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My Cousin Rachel by Daphne Du Maurier: DID SHE OR DIDN'T SHE

Daphne Du Maurier's 1951 My Cousin Rachel prompts the age-old question: what if you were a young dumb dumb with an estate in Cornwall who is convinced your charming, thoughtful, and recently-widowed cousin Rachel wants to abandon her native Italy forever and live with you, your dogs, and your elderly butler in a damp house by the sea. AFTER ALL WHO WOULDN'T.

Also she's a widow because she'd married your uncle who raised you who then recently died, so also this has just become the MOST oedipal and makes everyone feel gross thinking about it.

Said dumb dumb is Philip Ashley, who is 24 and aptly referred to in the recent film version as a "glorious puppy." He is so excited about some things. And so sulky about so many other things. He's our narrator, which here means he is our misogynistic, xenophobic lens through which to view all events. His uncle died in Italy soon after marrying Rachel. Said uncle suspected he was being poisoned. He also probably had a brain tumor. OR WAS IT THOSE CRAFTY ITALIAN DOCTORS LYING LIKE ITALIAN DOCTOR LIARS. 

The book keeps you wavering between thinking Rachel is a nefarious mastermind or a grieving widow with no money and no agency who is just trying to survive. She's so impulsive!...say the men in the book. She spends so much money!...say the men in the book. She's maybe a poisoner!...say the men in the book. 

The Italian + poison angle is almost too stereotypical, but exactly right if you're an idiot 24-year-old Englishman in the 1830s. And who knows, maybe she was. If she did it, I think there was an excuse for it, but you would have to read the book or see the recent excellent movie to get why.

My Cousin Rachel is tense and suspenseful and great and makes me want to read Frenchman's Creek straightaway. The film has a much clearer feminist interpretation, although My Cousin Rachel HAS been called the most feminist of Du Maurier's work. It's just a little less obvious in the novel.

As a final note -- have we all noticed how bookstores seem to be a little side-eye about Du Maurier? Yes, good, let's talk more about that immediately: Rebecca is frequently shelved in Romance, and not knocking Romance, but that's not what Rebecca is. Du Maurier is all about constant unease and the feeling Something Is Up, not unlike Shirley Jackson, but in a less creepy way than Jackson. If anything, put her in Suspense/Thrillers or just damn Fiction. 

This to say that it feels she has not been as legitimized as an author as she SHOULD be. She isn't quite in the canon, which I primarily blame on the White Male Hegemonic Conspiracy that's still prompting us to read Philip Roth and John Updike when NO I DON'T WANT TO YOU CANNOT MAKE ME.

My Cousin Rachel is a complex look at the unfortunate position women were in in the 19th century or maybe about a murdering lady who knows.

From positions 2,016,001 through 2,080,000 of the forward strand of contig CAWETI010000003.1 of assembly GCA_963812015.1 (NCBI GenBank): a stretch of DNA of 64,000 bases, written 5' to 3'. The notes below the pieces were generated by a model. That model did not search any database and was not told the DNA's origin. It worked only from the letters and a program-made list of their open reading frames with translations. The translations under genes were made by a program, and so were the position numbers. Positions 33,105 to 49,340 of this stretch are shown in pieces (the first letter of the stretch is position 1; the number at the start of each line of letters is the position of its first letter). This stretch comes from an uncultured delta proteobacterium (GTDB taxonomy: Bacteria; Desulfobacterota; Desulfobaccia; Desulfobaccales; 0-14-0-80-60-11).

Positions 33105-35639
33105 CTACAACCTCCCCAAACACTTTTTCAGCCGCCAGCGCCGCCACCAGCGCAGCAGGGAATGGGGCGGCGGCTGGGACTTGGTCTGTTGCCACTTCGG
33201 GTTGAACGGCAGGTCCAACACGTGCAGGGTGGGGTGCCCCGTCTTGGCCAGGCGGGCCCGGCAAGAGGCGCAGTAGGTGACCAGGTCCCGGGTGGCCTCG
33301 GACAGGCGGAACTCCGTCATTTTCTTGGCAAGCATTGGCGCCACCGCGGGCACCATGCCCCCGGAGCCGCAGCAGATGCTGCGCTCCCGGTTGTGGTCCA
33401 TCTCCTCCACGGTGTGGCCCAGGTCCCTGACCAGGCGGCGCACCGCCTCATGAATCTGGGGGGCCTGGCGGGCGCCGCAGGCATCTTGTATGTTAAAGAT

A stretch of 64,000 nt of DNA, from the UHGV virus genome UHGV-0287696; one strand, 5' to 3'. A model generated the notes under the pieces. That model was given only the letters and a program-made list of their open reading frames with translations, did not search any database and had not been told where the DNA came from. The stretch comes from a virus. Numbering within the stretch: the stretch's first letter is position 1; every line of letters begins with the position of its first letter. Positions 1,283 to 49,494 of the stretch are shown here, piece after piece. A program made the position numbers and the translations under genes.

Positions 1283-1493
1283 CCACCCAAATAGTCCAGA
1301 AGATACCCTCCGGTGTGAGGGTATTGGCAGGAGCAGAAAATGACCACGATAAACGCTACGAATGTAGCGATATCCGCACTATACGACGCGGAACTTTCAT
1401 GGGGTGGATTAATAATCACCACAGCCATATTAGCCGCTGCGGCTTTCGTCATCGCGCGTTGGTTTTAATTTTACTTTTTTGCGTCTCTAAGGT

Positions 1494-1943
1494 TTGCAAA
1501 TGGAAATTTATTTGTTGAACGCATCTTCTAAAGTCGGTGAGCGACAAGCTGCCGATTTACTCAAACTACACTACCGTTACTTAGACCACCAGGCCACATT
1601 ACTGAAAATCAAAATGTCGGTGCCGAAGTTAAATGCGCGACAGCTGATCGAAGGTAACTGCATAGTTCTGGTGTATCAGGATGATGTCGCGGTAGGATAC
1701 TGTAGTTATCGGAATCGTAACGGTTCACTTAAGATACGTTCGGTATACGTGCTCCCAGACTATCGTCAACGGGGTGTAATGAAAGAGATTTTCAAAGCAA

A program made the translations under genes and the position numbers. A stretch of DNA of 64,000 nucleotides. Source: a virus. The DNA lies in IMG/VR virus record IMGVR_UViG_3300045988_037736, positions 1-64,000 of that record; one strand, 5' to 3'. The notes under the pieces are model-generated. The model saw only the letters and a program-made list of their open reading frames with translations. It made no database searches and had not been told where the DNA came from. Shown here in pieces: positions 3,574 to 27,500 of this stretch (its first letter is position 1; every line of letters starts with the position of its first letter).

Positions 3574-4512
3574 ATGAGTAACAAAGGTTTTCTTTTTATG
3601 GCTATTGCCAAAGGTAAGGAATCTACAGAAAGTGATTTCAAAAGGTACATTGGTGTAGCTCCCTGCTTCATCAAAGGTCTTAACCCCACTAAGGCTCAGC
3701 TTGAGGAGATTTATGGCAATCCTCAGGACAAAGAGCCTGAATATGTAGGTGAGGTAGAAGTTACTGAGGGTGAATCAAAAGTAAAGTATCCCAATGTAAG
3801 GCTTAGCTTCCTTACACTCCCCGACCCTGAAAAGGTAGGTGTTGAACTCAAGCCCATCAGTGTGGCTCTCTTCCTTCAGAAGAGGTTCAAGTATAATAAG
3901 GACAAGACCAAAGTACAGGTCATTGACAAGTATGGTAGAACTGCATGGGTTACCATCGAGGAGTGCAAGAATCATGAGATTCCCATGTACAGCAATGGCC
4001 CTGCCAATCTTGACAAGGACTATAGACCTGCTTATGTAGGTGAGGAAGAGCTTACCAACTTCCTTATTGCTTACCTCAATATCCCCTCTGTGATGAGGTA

1. I came out of blogernation to say, YES!!! Such a great book and, yes, feminist, I think. Like, ladies got to be shady in those times to survive.

    And I agree bookstores don't know what to do with Du Maurier. I don't think those terrible covers she gets help the situation. But, come on people, she wrote The Birds!

  2. I demand to know who has been shelving Rebecca in romance. That is the worst idea in the whole world, and I say that as someone who at age sixteen believed it would be romantic to marry Max de Winter.

  3. There is absolutely Zero Way that Rebecca should be relegated to the Romance section. Just because a book features an occasional romantic feeling (not there's much of that in Rebecca anyway) does not mean that it is Romance. Ugh. Just put it in General Fiction and have done with it.

  4. I have never read any Du Maurier, I assume in large part cos of the cover font and also shelving location.

    ALSO, I was reading a review of this movie on is not good. It does have some funny lines like how it is an "impossibly turgid film" and that Philip is "a kind of period bro". And now it seems kind of mean to bring this up, but I still like the idea of a "period bro" so I'm going to leave it. But know I do not mean anything mean by it


      "The character’s ingenuousness is meant as a kind of virtue, at least I think it is, but Claflin’s sneering, furniture-smashing, and banality make Philip impossible to care about."

      Um. Claflin played Philip EXACTLY as he's written. I can't tell you the number of times I texted Raych saying "what an IDIOT." THAT IS THE WHOLE POINT. I'm sorry there's not a dude you can immediately relate to onscreen; welcome to the joys of watching a movie while female. FEMINIST HULK SMASH.

  5. FWIW, I read Portnoy's Complaint as a teen and loved it.

    I only know Daphne's work through the film versions (Rebecca, The Birds, and Don't Look Now, which was especially brilliant). That is about to change, because I recently bought the NYRB collection which contains those last two stories.

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